If you see me standing alongside a Lawrence street holding a whiteboard that reads "Anyplace warm," you'll soon understand I'm not crazy. Instead, I'm just taking part in a new pilot project aimed at transforming hitchhiking into a reliable form of public transportation.
City commissioners this week are being asked to help. Commissioners at their Tuesday evening meeting will consider changing an existing ordinance that technically makes it illegal for people to stand along a street for the purpose of soliciting a ride.
The group behind the project is a relatively new nonprofit organization called Lawrence OnBoard. Based on an information packet its director, Jennifer O'Brien, has provided to city officials, here's a look at how the program is designed to work:
— The basic concept is that hitchhiking will become a more reliable form of ridesharing. But instead of simply sticking your thumb out and hoping for the best, members of Lawrence OnBoard will be equipped with a folding white board with a logo. The rider will write his or her destination on the white board, and then pick a safe place to stand alongside a city street.
— Riders will be asked to register with Lawrence OnBoard before they begin using the system. They'll be issued a photo I.D., and a background check will be run on each member. As for the drivers, people also can register to be a driver, but any motorist can choose to pick up some one holding a whiteboard. For security purposes, Lawrence OnBoard suggests that riders send a text message to the Lawrence OnBoard office when they get into a vehicle. The text message could include the membership number of the driver — if the driver is a member of Lawrence OnBoard— or the license plate of the vehicle.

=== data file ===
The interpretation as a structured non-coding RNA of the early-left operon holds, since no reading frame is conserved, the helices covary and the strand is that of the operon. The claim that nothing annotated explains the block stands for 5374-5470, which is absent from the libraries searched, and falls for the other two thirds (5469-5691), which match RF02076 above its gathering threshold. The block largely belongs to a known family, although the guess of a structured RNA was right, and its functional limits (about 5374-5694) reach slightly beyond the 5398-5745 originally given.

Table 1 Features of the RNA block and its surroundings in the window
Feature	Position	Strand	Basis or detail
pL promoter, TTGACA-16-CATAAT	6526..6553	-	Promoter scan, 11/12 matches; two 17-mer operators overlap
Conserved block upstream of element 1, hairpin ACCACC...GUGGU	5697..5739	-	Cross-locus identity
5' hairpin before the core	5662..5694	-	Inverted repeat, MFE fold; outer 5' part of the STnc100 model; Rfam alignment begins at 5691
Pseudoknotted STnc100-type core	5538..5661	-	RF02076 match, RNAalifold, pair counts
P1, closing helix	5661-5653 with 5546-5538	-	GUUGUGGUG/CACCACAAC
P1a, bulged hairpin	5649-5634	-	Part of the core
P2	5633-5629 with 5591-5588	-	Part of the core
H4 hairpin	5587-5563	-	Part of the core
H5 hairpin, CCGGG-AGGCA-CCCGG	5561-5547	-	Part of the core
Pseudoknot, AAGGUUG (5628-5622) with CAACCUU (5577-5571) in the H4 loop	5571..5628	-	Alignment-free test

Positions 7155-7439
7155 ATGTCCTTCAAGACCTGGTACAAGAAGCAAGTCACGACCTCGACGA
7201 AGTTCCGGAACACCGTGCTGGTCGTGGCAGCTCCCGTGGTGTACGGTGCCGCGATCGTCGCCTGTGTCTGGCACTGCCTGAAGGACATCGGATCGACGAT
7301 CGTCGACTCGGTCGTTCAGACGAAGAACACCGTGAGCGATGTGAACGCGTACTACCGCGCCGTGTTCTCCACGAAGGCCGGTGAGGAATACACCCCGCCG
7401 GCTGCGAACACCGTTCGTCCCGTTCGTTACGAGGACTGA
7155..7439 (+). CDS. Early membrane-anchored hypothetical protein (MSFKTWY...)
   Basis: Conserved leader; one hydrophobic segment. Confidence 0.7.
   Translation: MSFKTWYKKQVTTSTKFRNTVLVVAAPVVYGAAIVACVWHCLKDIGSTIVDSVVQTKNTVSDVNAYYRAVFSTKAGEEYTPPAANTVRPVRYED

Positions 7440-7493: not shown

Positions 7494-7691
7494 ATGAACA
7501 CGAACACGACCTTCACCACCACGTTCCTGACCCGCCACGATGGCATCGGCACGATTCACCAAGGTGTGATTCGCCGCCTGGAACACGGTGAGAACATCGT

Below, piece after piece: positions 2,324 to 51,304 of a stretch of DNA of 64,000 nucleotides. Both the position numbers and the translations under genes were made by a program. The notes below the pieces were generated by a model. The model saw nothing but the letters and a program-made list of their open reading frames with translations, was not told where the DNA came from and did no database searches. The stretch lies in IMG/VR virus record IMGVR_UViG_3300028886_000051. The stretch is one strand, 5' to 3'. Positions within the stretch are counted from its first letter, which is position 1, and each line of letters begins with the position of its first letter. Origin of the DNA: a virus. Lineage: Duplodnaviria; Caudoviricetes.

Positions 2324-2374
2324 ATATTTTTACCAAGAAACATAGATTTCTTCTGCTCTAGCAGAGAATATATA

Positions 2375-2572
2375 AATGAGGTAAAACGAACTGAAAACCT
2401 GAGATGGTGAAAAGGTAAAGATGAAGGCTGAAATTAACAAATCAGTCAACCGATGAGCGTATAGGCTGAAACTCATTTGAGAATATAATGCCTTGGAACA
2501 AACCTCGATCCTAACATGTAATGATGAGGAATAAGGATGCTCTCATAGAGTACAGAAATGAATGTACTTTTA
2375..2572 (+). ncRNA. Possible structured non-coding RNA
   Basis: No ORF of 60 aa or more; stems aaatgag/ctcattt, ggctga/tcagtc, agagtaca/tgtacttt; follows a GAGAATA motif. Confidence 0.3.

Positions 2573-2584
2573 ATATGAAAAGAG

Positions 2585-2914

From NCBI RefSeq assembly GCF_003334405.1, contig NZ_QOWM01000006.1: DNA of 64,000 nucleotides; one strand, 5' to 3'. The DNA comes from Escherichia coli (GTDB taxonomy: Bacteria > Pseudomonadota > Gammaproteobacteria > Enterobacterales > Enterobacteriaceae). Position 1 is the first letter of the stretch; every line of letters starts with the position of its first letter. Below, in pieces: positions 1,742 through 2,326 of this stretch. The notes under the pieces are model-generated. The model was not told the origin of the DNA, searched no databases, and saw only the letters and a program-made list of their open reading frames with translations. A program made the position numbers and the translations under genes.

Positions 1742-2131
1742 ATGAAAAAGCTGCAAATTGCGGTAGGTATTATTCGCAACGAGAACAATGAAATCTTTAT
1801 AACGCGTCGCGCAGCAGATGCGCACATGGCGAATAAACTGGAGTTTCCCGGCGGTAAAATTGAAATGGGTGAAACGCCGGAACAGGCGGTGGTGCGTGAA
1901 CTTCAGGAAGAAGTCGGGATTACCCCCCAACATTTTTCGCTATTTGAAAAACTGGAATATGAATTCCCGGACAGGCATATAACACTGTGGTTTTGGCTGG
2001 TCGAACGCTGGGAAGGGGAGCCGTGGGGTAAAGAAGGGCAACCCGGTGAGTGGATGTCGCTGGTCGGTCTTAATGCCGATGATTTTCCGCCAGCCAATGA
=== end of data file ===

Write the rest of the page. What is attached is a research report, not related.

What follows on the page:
There are other details about the program that you can read here, but I've pretty much given you the gist of it. Supporters of the program point out that the city's public transit system is a bit limited in area and doesn't run on Sundays. Plus, the T doesn't really aid people who have to make a trip outside the city limits. Certainly, there are ways people can arrange to carpool to Topeka or Kansas City, for example, but the OnBoard officials point out that such arrangements often really limit people's flexibility.
"With a system like Lawrence OnBoard, the carpooling is done from the side of the road at the convenience of the rider, and the time, effort and expense for the driver is minimal," according to the Lawrence OnBoard brochure.
Organizers of Lawrence OnBoard have been doing some testing of the concept over the last few months. They report they've attempted 121 rides and have been unsuccessful only six times. The 23 riders that took part in the experiment travelled a total of 573 miles. The average time they spent waiting alongside the road was about seven minutes per ride.
O'Brien and a KU professor, Anne Dunning, have been invited to present a scholarly paper on the program at the annual meeting of the 2014 Transportation Research Board.